Floating Toothpick Trick

Floating Toothpick Trick

If you try this toothpick trick, be ready to do it over and over again. It’s just so fun to watch! First, you float toothpicks on the surface of the water. Then, just a touch of dish soap makes the toothpick shape fly outward.

This toothpick experiment is a really fun way to explore surface tension with kids. Just floating the toothpicks on the water is quite a discovery.

What’s going on?

Water molecules tend to want to hold onto each other. Think about how water joins together to form little beads when you drip it onto a smooth surface like a plate or wax paper. This is called surface tension.  The water molecules in your dish are holding onto each other so tightly that the toothpicks are able to float on top.

Adding dish soap breaks apart the bonds that hold the water molecules together. This disturbs the floating toothpicks and pushes them outwards, which breaks up the square. That’s how the toothpick trick works!

3 - 16
Est. Time:
<30 mins

How we did it:

Materials List

  1. toothpicks
  2. bowl
  3. dish soap
  4. water
  1. Gather the materials you need to perform the toothpick trick. 

  2. Fill the dish with water and wait for minute until the water is completely still. This is important because placing the toothpicks is a pretty delicate operation.

    Next, very gently place four toothpicks on the water so they form a square. Overlap the ends of the toothpicks just a bit. This will help them hold their square shape. This can take a little bit of practice to get right. If one of the toothpicks sinks instead of floats, take it out and get a fresh one.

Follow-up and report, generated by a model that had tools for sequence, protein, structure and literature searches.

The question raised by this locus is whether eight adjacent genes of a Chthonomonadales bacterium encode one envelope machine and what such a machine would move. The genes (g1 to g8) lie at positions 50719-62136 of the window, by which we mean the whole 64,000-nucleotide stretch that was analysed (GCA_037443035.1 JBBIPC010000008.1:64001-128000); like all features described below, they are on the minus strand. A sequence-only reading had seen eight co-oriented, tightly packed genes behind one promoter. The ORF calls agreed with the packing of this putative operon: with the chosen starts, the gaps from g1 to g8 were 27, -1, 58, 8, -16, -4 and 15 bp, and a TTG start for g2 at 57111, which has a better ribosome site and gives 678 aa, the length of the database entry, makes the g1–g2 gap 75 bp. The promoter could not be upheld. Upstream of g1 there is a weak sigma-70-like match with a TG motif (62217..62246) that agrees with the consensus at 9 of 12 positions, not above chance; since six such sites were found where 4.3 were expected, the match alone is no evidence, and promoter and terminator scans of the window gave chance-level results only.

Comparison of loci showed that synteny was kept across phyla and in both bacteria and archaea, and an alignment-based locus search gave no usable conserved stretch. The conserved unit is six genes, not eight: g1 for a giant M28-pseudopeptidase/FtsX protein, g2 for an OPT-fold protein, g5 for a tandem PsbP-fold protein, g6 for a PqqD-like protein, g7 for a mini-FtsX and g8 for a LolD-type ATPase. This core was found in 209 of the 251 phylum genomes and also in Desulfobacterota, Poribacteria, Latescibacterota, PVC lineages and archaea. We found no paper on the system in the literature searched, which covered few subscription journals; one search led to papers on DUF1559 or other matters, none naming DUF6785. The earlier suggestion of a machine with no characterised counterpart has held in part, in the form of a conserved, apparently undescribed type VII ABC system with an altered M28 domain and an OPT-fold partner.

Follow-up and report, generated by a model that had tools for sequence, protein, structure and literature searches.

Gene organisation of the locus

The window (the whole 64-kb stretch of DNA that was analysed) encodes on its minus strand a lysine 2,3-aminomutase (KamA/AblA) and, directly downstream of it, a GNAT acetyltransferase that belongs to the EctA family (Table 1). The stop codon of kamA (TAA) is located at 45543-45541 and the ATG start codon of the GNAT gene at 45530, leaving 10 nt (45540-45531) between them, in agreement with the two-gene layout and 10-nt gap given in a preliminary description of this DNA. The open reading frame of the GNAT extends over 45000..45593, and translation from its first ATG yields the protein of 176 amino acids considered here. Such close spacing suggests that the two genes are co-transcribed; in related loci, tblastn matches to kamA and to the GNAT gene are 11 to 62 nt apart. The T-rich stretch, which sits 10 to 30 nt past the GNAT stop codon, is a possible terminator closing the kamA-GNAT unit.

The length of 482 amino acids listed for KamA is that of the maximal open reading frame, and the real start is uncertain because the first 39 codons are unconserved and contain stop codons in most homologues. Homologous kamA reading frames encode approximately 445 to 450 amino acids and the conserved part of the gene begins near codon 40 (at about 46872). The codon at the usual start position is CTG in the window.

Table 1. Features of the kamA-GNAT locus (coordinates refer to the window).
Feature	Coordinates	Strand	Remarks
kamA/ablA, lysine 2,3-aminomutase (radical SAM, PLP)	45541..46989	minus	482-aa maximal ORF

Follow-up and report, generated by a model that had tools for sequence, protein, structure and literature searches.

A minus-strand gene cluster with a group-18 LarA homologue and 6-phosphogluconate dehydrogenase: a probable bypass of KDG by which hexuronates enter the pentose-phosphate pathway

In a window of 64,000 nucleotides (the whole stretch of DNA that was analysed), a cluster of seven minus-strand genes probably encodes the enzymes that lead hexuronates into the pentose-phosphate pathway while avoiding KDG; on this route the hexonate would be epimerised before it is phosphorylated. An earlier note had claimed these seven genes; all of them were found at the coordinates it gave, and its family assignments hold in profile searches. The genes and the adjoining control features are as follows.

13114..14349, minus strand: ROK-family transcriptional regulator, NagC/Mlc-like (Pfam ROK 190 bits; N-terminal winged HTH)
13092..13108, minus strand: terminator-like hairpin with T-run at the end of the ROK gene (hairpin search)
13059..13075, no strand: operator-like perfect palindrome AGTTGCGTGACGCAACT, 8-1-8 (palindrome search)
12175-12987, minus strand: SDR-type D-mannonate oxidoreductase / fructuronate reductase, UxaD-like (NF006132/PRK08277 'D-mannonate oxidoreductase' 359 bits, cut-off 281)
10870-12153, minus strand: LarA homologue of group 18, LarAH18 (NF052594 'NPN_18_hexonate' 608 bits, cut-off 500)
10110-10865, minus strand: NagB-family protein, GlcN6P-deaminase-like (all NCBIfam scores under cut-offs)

3. When you have a floating square, touch another toothpick in the middle of the square. Nothing happens, right?

    Now dip  another toothpick into the dish soap. Touch the soapy toothpick in the center of the square. Watch the toothpicks fly apart! My 7-year-old thought this was hysterically funny and insisted that I do it again (and again).

  4. We found that we could usually make the toothpicks move once more by dipping into more dish soap, but that’s it. After the toothpicks won’t move any more, you’ll need to dump out the water and start fresh if you want to try again. (When you float the toothpicks, the water can’t have soap in it.) We also had fun trying out different shapes for our moving toothpicks. I liked the zig-zag, which was fun to watch and also easier to build than a square. For a challenge, try a 5-sided figure.